The study you led is the first to compare existing at-sea compliance monitoring and observer programs for Regional Fisheries Management Organizations (RFMOs), the main institutions that manage fishing on the high seas and high seas boundaries. Tell us about some of the gaps and shortcomings you uncovered.

We reviewed at-sea compliance monitoring and observer programs in the 17 RFMOs that exist to manage fishing on the high seas and high seas boundaries, and our results showed large inconsistencies and overall inadequacies in these policies across all RFMOs.

Perhaps most importantly, there is a lack of transparency and public access to the information needed to analyze program effectiveness, especially compliance information. Much of the high seas fishing fleet is kept afloat through public subsidies and public funds, and it necessary to ensure that fishing activities are managed in the public interest. If an observer is getting harassed or interfered with and these acts have no consequence to the vessel, the program is not effective. None of the 17 RFMOs include sufficient rights and safety protections for observers, such as specific policies on wages, leave, or guaranteed time at shore, and only four RFMOs have a specific process if an observer disappears or dies. Moreover, only three RFMOs require that 100 percent of fishing vessels carry observers. Also, none of the RFMOs are utilizing observers to report compliance to the extent possible. Only four RFMOs require observer compliance reports with waste, fishing gear disposal, and pollution policies, despite reports that fishing nets and gear make up a large percentage of ocean plastics harming marine wildlife and ecosystems, and only five RFMOs require reporting of sightings of illegal fishing vessels, despite the great ecological and economic harms that illegal fishing causes.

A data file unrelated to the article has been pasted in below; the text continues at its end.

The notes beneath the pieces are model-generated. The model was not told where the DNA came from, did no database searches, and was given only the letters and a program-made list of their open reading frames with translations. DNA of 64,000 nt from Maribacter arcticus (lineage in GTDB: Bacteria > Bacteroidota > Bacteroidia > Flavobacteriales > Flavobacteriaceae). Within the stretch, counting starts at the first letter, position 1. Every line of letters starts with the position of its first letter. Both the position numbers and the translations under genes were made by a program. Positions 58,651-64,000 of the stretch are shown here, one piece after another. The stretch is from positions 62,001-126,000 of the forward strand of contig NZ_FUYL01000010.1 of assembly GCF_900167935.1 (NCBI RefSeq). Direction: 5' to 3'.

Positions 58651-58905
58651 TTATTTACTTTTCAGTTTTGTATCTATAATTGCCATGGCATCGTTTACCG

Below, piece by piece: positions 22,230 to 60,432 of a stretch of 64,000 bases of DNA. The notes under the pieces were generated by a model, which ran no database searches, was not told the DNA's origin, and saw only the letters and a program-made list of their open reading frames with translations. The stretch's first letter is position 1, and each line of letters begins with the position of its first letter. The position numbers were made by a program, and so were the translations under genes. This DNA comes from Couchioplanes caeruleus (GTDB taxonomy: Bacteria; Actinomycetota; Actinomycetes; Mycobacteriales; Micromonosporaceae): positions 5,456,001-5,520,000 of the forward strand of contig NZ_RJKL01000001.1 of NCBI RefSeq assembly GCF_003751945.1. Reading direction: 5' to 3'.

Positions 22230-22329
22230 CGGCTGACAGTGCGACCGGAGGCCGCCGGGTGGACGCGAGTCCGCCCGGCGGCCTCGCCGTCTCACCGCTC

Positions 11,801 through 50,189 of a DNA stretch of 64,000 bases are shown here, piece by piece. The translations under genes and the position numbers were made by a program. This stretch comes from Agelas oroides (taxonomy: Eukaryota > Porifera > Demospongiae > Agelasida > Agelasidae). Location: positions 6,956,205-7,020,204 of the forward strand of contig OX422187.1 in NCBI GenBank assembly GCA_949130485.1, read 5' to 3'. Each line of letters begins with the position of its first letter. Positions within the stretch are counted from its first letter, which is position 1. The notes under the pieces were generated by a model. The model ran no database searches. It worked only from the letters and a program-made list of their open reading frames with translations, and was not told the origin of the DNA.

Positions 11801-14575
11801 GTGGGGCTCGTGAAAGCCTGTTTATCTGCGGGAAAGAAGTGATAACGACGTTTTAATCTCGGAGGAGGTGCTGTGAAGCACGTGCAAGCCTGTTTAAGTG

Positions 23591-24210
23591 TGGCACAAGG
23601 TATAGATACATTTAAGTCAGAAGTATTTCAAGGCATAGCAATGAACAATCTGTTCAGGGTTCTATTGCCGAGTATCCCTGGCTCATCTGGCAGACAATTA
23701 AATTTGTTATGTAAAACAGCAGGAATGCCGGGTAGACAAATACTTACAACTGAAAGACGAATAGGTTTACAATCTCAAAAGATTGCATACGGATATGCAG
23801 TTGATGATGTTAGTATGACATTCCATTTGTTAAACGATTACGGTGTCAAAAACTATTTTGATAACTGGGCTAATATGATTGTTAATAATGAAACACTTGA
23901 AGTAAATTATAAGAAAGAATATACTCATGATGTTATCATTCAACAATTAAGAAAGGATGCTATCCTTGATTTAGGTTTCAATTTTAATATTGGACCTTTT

We also highlight that there have been increasing efforts in recent years to test and install Remote Electronic Monitoring (REM) camera technologies on fishing vessels, that can act as a kind of electronic observer that monitors compliance with regulatory measures. However, no RFMOs have implemented comprehensive plans to mandate or manage these new technologies, such as assurances that these technologies will not be used as tools for increased nontransparent industry self-monitoring.

You call for specific policy changes to address these inadequacies. What could be done to better protect fisheries observers and to better ensure effect at-sea monitoring to protect animals and the environment? Are the protection of human observers at sea and the protection of marine animals intertwined?

At-sea monitoring and observer programs have to be improved across all RFMOs. The protection of human observers at sea and the protection of marine animals are absolutely intertwined. When protections of marine animals and rules around fishing in general are stricter, the need for observers is even greater, and yet observers are likely to be at greater risk under this scenario. Aquatic animals and fisheries observers are paying the cost of illegal fishing activities. Our policy proposal includes the integration of the International Observer Bill of Rights into RFMO policies, ensuring stronger observer rights and safety protections, while RFMOs also mandate 100 percent observer coverage on fishing vessels using a combined human observer and REM model. REM systems can record important information for conservation, but observers onboard can help ensure that these systems are functioning properly and are not being tampered with. The improvements to observer and at-sea compliance policies that we suggest will help ensure that both the rights and safety of observers and the health of fish populations are better protected on the high seas for the public benefit.